Improving Innovation: Assessing the Environmental Impacts of Emerging Technology
New technologies carry both the promise of improvement of human welfare and the threat of undesired environmental consequences. Applying life cycle assessment (LCA) early in the development of technologies – when still at lab or pilot scale – provides valuable insights about how to prioritize research activities and to potentially avoid damage to the environment. LCA quantifies environmental and resources impacts of products and technologies from raw material extraction and processing, through a product’s manufacture, distribution and use, to recycling or final disposal. LCA of emerging technologies can help research and development (R&D) groups, planners, and policymakers look ahead and identify environmental and resource implications, potential liabilities, and other unanticipated consequences of products and technologies early in innovation.
Existing LCA methods, standards, and guidelines, however, focus on the evaluation of products or processes that are already commercially established. The procedures and tools used to assess emerging technologies still tend to be applied on an ad hoc basis, with no clear guidelines as to what methods are available, applicable or appropriate. “Life Cycle Assessment for Emerging Technologies,” a special issue of Yale’s Journal of Industrial Ecology, addresses this gap with cutting edge research that advances methods, tests new approaches against emerging technologies, and assesses novel technologies for transportation, infrastructure, energy and materials.
The findings included in this special issue have far-reaching implications for the technology developers and policy makers. For example, two papers reveal the potential environmental consequences of the rapid increase in production of the lithium-ion battery packs that power everything from electric cars to portable computing devices. In contrast to earlier analyses, these studies show that on a global scale, expansion of lithium production is likely to continue without being slowed by resource constraints for up to three more decades. Meanwhile, localized environmental impacts associated with extraction and processing of high-grade lithium ion brines are likely to create geographic imbalances in the environmental impacts and benefits of that expansion.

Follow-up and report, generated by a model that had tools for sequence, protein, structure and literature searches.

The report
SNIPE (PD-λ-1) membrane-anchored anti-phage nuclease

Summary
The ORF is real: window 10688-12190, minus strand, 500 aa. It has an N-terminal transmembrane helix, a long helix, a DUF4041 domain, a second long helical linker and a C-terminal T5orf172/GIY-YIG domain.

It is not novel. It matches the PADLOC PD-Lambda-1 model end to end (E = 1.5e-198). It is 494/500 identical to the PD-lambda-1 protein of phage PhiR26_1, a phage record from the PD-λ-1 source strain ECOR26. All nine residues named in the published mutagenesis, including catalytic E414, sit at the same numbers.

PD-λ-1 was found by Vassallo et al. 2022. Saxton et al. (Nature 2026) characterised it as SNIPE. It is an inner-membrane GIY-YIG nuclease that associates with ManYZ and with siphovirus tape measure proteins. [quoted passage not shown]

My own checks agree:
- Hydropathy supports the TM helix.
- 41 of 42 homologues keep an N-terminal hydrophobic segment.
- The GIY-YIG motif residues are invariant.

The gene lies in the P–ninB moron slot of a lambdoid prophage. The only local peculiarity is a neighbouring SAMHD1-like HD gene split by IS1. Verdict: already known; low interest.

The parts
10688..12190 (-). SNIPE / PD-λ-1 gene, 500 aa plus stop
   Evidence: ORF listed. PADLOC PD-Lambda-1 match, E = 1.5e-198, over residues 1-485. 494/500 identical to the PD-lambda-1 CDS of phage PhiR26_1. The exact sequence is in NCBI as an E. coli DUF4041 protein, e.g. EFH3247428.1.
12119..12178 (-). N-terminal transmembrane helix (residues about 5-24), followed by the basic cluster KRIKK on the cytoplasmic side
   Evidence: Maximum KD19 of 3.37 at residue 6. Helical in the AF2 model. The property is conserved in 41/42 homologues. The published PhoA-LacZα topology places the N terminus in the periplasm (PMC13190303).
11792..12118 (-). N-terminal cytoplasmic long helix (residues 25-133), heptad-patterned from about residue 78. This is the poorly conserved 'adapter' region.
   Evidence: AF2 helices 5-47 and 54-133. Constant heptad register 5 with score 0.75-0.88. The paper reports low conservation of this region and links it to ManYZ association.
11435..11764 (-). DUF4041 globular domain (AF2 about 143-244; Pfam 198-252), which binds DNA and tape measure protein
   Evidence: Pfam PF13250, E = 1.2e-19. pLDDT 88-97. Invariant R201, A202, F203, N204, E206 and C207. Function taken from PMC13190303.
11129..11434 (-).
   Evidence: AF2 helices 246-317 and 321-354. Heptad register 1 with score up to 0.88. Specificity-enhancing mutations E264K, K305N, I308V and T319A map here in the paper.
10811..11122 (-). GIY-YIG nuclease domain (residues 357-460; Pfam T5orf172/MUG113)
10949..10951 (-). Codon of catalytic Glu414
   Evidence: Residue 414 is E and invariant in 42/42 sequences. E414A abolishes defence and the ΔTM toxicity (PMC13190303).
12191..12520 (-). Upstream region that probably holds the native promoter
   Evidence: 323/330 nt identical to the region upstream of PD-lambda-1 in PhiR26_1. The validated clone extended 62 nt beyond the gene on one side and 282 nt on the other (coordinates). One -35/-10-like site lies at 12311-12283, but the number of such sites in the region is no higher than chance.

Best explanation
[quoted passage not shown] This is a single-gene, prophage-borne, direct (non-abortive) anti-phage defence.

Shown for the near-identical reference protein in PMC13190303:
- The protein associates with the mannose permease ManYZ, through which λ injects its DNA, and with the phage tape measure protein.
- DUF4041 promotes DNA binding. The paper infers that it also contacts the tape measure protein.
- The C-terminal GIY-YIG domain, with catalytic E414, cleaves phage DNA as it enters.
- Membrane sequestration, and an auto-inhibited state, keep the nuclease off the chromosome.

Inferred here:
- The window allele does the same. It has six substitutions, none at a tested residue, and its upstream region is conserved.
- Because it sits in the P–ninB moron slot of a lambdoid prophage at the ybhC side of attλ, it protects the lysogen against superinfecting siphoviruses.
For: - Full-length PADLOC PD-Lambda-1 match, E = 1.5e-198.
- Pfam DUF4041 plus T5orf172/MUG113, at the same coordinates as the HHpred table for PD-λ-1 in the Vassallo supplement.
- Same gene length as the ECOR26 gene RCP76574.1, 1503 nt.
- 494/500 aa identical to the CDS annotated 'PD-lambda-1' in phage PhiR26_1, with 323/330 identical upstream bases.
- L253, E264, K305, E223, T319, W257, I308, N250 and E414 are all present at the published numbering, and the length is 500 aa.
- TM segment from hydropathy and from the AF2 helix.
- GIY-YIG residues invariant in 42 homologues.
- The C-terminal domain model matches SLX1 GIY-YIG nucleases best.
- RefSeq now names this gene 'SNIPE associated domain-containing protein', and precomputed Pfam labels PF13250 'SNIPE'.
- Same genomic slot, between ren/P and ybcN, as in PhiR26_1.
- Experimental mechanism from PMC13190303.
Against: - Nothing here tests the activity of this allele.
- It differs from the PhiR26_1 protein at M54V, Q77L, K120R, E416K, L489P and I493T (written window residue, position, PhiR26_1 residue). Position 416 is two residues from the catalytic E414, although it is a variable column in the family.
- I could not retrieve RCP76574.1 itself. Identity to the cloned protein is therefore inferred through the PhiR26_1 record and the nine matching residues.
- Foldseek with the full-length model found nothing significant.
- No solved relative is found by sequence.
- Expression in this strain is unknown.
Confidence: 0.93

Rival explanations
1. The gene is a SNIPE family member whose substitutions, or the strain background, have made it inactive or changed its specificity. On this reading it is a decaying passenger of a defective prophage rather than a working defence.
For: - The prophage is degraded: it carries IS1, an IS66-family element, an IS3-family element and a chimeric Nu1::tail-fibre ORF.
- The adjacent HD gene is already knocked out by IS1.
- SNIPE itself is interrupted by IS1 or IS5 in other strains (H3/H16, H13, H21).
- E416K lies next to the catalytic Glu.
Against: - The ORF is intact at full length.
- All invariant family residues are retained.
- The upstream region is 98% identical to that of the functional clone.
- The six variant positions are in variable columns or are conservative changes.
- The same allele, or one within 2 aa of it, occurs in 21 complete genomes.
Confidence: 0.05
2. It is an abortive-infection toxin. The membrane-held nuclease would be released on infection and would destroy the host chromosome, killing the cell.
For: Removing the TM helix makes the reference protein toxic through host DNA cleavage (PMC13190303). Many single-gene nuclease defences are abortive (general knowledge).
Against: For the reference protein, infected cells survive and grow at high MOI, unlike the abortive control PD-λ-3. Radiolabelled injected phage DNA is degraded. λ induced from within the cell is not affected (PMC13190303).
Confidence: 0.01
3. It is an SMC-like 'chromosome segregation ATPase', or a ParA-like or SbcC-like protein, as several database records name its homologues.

This special issue also includes papers on new approaches to comparative assessment of emerging energy technologies. These new analyses make clear that the age of single-technology solutions at massive, industrial scales is coming to a close. The papers here examine environmental impacts of alternative energy futures for algae-derived fuels, hydrogen, solar, and off-shore wind energy technologies.
New methods for the application of LCA to emerging technologies also include LCA inventories (databases) that can be aligned with the scenarios used in the integrated assessment models (IAMs) widely used in climate change modeling. Methods to incorporate technology readiness levels (TRLs) that are used in R&D management allow connection of LCA with other complementary tools such as multi-criteria decision analysis, risk analysis, techno-economic analysis, and the development of data repositories for emerging materials, processes, and technologies.
The research in “LCA for Emerging Technologies” not only advances understanding and methods for the environmental assessment of novel technologies, it also shows potential for refashioning the tools of systematic environmental assessment to apply at the earliest stages of the innovation cycle, said Reid Lifset, editor-in-chief of the Journal of Industrial Ecology.
The Journal of Industrial Ecology is a peer-reviewed international scientific journal owned by Yale University and co-edited with the Norwegian University of Science and Technology and Tsinghua University. It is headquartered in the Center for Industrial Ecology at the Yale School of Forestry & Environmental Studies. The special issue was edited by Joule Bergerson (University of Calgary), Stefano Cucurachi (Leiden University), and Thomas Seager (Arizona State University). A grant from the Alfred P. Sloan Foundation provided partial support for the special issue including funds for open access publication of four of the articles in the issue.